Europe ready for crucial first launch of Ariane 6

HELSINKI — Europe stands at a crucial moment as the Ariane 6 launch vehicle prepares for its maiden flight on Tuesday.

The Ariane 6 launch is scheduled for 9 July between 14:00 and 18:00 Eastern Time (18:00–22:00 UTC) from the Kourou launch site in French Guiana. The European Space Agency (ESA) will stream the launch live on ESAWebTV.

The inaugural Ariane 6 flight will feature the 56-meter-long ’62’ variant, equipped with two solid boosters. The main stage will be powered by the liquid hydrogen and oxygen-fueled Vulcain 2.1 engine. This is an upgrade of the Ariane 5 main Vulcain engine.

The 62 can carry up to 10.3 tons to low Earth orbit, while the larger “64” with four fixed boosters can lift up to 21.6 tons. However, the first flight will only carry a number of small satellites and experiments from space agencies, companies, research institutes, universities and young professionals.

The first launch follows years of delays. The launcher is designed to replace the venerable and now-retired Ariane 5 while reducing costs. The rocket was previously scheduled to fly for the first time in 2020.

The maiden launch of Ariane 6 will be a stressful and important first flight for prime contractor ArianeGroup, launch service provider Arianespace, ESA and other stakeholders, given launch vehicle delays, a backlog of 30 orders and a European space access crisis.

“It is crucial for Europe to regain autonomous access to space,” Hermann Ludwig Moeller, director of the European Space Policy Institute, told Space News.

This would ensure the launch of its own institutional missions. These include the EU space programme, EUMETSAT meteorological satellites, ESA missions, security and defence-related missions and commercial missions of operators, Moeller noted.

There are already 30 launches booked for Ariane 6, 18 of which are for Amazon’s Kuiper constellation.

There is a sense of insecurity as there are plans to increase the number of Ariane 6 flights to nine per year as quickly as possible, depending on a successful flight.

Test launches, however, have a high failure rate. “Statistically, there is a 47% chance that the first flight will not be successful or will not go exactly as planned,” ESA Director General Josef Aschbacher said in May, tempering expectations.

Moeller added that the operational launcher would benefit “space applications such as climate monitoring, improved weather forecasting, banking and timing services, secure communications, 5G and the internet, civil and economic security, including the protection of critical infrastructures in transport, energy, digital and defense applications.”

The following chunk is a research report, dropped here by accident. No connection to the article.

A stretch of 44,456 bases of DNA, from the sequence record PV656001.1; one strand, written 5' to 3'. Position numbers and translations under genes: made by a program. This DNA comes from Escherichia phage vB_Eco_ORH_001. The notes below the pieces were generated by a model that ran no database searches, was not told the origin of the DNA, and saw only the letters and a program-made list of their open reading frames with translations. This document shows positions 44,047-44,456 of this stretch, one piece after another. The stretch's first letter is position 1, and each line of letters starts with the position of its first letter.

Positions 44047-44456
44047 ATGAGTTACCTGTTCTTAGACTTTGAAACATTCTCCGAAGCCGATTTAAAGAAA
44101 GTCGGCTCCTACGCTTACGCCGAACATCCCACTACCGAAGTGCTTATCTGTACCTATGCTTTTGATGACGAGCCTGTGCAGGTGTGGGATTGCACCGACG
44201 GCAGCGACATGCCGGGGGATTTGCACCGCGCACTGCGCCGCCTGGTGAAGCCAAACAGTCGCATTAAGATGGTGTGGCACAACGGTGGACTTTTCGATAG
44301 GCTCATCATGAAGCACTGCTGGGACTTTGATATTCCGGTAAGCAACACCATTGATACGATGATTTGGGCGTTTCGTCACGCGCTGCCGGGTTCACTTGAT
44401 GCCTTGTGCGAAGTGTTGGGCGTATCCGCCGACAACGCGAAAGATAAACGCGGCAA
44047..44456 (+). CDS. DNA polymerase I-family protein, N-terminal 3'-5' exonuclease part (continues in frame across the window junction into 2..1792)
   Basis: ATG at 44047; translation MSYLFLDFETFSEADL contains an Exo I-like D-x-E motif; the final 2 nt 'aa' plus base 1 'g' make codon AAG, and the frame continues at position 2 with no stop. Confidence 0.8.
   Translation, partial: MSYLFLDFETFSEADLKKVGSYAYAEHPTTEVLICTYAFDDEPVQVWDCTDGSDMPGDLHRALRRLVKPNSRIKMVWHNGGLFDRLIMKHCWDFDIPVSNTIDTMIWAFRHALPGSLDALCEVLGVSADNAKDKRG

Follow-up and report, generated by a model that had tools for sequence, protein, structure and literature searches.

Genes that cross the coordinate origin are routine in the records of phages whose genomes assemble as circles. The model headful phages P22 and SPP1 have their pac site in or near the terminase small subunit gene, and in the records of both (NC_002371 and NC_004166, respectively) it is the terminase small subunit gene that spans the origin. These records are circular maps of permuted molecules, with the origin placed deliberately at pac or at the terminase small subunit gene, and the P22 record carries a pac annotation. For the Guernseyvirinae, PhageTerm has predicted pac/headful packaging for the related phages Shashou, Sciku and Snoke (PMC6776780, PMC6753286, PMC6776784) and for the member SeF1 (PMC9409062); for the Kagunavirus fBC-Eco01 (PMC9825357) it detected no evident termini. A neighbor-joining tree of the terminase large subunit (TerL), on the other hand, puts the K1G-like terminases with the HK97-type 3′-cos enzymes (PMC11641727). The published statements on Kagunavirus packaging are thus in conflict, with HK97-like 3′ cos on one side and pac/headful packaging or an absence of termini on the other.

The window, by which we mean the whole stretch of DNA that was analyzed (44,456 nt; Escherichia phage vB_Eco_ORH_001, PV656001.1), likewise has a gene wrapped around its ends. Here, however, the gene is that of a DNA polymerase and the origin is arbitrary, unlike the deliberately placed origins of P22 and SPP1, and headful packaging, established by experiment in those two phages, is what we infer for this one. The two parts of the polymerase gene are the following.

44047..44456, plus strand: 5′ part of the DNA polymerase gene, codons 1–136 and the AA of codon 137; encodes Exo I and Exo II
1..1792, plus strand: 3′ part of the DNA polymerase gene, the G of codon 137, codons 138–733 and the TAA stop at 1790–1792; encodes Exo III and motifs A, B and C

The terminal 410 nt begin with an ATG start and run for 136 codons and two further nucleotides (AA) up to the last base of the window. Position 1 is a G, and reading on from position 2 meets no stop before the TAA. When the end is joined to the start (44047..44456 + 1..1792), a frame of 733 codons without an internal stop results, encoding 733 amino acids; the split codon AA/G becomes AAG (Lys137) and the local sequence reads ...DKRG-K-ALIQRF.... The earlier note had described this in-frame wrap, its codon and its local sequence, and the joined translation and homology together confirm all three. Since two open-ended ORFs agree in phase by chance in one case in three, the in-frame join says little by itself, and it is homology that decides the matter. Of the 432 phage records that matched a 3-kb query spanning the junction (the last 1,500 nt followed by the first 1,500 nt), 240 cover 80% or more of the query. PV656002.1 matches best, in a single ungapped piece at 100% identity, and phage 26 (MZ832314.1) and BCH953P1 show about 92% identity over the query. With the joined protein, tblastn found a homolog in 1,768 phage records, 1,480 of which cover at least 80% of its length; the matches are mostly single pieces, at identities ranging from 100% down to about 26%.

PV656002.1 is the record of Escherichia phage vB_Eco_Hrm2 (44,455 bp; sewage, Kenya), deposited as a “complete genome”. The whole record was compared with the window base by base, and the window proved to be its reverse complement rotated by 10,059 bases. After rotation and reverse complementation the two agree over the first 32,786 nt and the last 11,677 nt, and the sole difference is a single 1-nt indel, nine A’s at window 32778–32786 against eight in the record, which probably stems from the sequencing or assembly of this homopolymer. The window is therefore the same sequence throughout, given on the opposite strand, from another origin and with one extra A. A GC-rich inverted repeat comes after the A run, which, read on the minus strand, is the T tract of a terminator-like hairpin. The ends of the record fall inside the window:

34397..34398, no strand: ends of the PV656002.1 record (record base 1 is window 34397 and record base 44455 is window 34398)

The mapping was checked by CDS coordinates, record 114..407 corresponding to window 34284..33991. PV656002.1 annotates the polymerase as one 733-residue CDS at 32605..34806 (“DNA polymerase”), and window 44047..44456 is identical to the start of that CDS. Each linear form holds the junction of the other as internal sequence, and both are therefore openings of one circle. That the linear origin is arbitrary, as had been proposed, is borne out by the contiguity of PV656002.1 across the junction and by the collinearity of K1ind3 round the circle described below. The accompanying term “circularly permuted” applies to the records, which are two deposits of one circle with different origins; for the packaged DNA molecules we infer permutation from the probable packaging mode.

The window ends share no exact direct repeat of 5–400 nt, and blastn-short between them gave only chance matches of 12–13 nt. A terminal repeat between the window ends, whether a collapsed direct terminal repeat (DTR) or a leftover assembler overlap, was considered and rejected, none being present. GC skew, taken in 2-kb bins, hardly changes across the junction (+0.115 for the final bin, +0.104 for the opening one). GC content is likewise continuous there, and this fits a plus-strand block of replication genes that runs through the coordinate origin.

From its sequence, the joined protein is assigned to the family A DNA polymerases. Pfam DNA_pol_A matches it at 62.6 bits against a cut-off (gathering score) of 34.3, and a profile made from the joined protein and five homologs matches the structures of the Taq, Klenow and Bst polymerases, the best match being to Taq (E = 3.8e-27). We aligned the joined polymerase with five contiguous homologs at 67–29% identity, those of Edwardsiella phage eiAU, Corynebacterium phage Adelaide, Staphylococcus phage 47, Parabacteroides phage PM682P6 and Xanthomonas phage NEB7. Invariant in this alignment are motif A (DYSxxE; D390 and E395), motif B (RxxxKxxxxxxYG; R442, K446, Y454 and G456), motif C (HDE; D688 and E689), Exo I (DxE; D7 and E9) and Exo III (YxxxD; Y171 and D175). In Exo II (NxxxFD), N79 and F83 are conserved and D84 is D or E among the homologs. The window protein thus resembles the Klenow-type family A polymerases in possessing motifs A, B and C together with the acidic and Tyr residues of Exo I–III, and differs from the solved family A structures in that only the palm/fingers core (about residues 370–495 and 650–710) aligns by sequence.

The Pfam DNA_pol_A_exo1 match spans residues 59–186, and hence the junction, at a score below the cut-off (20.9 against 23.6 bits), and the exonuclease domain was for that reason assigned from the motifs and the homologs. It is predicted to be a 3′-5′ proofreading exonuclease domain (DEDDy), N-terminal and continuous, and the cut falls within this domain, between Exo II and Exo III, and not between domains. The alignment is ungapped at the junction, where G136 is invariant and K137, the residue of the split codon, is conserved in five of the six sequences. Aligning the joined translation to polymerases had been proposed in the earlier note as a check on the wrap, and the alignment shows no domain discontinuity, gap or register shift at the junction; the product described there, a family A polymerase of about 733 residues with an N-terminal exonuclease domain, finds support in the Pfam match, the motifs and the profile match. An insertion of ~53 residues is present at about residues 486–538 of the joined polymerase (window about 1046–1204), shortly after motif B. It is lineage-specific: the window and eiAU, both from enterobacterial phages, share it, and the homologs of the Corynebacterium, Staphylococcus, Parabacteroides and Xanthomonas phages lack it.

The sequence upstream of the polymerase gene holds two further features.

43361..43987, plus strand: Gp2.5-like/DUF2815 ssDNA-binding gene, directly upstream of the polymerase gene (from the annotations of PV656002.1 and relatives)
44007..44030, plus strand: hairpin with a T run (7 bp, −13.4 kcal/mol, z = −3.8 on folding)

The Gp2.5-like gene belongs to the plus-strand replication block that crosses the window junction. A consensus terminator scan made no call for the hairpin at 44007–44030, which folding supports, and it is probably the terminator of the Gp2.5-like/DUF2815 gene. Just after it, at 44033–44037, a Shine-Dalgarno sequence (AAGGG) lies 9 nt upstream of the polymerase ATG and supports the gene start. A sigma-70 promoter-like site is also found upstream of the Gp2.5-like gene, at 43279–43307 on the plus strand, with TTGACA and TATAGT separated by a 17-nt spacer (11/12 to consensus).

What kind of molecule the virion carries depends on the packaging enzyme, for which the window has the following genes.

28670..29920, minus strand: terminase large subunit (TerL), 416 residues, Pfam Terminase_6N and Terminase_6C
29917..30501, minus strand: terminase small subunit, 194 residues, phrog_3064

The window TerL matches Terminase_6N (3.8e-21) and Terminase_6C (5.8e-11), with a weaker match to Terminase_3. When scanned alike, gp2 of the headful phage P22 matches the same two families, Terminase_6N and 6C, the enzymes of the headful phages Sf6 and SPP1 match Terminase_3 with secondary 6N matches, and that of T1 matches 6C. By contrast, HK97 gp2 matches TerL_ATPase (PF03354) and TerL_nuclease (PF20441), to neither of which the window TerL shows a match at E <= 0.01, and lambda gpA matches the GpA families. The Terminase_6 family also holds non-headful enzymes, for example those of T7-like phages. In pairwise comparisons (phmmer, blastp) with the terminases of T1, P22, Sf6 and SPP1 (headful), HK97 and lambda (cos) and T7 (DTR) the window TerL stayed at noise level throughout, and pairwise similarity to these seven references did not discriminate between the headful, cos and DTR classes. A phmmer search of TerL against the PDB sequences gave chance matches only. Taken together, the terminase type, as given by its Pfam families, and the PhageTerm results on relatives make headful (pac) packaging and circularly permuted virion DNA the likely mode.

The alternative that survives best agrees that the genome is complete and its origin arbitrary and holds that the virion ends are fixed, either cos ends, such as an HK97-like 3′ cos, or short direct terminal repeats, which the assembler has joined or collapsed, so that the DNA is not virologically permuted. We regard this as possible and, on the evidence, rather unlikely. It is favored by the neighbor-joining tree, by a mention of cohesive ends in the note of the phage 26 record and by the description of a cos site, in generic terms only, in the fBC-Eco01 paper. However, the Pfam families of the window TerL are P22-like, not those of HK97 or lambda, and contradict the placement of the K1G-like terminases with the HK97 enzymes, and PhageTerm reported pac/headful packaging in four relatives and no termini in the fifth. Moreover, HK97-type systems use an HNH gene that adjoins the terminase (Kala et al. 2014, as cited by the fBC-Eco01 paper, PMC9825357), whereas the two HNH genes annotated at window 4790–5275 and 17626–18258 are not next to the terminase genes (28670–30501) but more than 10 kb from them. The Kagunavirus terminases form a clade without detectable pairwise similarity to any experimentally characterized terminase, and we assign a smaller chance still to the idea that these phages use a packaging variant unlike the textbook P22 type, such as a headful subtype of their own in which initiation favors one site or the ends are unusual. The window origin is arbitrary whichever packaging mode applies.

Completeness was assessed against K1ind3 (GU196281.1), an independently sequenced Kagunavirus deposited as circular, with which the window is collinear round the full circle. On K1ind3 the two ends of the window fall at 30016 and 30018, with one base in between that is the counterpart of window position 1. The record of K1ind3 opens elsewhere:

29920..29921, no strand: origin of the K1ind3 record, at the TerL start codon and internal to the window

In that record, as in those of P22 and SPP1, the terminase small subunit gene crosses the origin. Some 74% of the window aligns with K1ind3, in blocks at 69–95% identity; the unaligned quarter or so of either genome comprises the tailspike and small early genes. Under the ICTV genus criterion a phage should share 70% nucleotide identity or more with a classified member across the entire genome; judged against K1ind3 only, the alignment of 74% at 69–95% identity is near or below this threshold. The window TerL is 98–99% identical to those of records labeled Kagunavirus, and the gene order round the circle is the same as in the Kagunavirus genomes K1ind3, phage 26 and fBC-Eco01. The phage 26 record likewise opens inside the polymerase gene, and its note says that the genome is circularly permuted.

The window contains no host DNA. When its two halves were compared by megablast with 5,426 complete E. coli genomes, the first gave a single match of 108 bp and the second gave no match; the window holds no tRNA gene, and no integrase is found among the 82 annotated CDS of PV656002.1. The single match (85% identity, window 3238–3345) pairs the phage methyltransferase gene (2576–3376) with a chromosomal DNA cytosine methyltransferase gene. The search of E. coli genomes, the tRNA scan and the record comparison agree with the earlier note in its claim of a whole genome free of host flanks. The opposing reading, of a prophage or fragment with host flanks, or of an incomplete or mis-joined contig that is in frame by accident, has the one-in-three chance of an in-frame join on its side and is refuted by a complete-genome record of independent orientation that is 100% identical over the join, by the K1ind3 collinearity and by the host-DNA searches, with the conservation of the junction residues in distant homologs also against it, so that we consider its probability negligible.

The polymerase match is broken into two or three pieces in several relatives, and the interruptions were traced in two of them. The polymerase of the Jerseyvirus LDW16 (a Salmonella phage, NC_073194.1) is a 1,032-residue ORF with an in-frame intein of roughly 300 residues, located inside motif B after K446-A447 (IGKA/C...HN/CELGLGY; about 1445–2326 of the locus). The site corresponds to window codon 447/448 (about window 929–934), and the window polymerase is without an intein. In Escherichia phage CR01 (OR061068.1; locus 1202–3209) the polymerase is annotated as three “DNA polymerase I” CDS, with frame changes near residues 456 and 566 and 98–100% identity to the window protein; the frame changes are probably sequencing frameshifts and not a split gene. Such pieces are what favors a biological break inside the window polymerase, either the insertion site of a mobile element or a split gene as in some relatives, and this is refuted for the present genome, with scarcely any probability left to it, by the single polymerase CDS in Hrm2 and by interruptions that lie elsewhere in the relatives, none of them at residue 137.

“Ariane 6 is essential and a prerequisite for the implementation of a broader European space policy and strategy.”

Asked how the disposable Ariane 6 and the long delays have potentially cost the European space sector money, Moeller said: “The most important impact, in our view, is the fact that the focus on the launcher crisis has made it difficult to make progress on other files and in particular on the accelerated use of space, at a time when other space powers and commercial enterprises are doing exactly that, in a race.

“And it is not the Falcon 9 launcher that is most visible in the debate, but the Starlink communications constellation, familiar to every taxi driver. It is not too late for Europe to catch up, and IRIS2 is a step in that direction. However, the window of opportunity is now and it will close.”

The unexpected gap between the retirement of Ariane 5 and the entry into service of Ariane 6 forced ESA to launch its Euclid space telescope on a Falcon 9 last year, followed by the EarthCARE satellite in May.

Interestingly, European weather satellite operator Eumetsat announced in late June that it had moved one of its geostationary weather satellites from an Ariane 6 to a Falcon 9. The move, which took place for complicated but unexplained reasons, took European space officials by surprise, according to Eumetsat.

Another development, partly in response to the space access crisis, is that Europe is looking to diversify its launch services. An ESA Council resolution of 5 July cleared the way for the ESA-developed Vega to be commercialised by prime contractor Avio.

The Council also authorised the use of the spaceport in French Guiana for four micro and mini launchers operated by the European launch service providers Isar Aerospace, MaiaSpace, PLD Space and Rocket Factory Augsburg (RFA).

“These decisions create the conditions for more diverse European launch services in an increasingly competitive environment,” an ESA statement said.

RFA said in a statement to Space Newscalled for change. The company’s position is that in the future, private industry should build rockets, while ESA and the EU should buy the service. “The development and operation of the service after the launch of Ariane 6 will be led by private industry,” RFA reported. The company, meanwhile, called Ariane 6 “a great pan-European project” and was enthusiastic about the launch.

Moeller noted that Europe must also look beyond the first launch. “By 10 July, the focus in Europe must shift from launchers to the accelerated use of space, in all domains and for the benefit of the entire European economy, for the prosperity of its citizens, the competitiveness of its industries, and for the protection of world peace and inspiration for future generations.”

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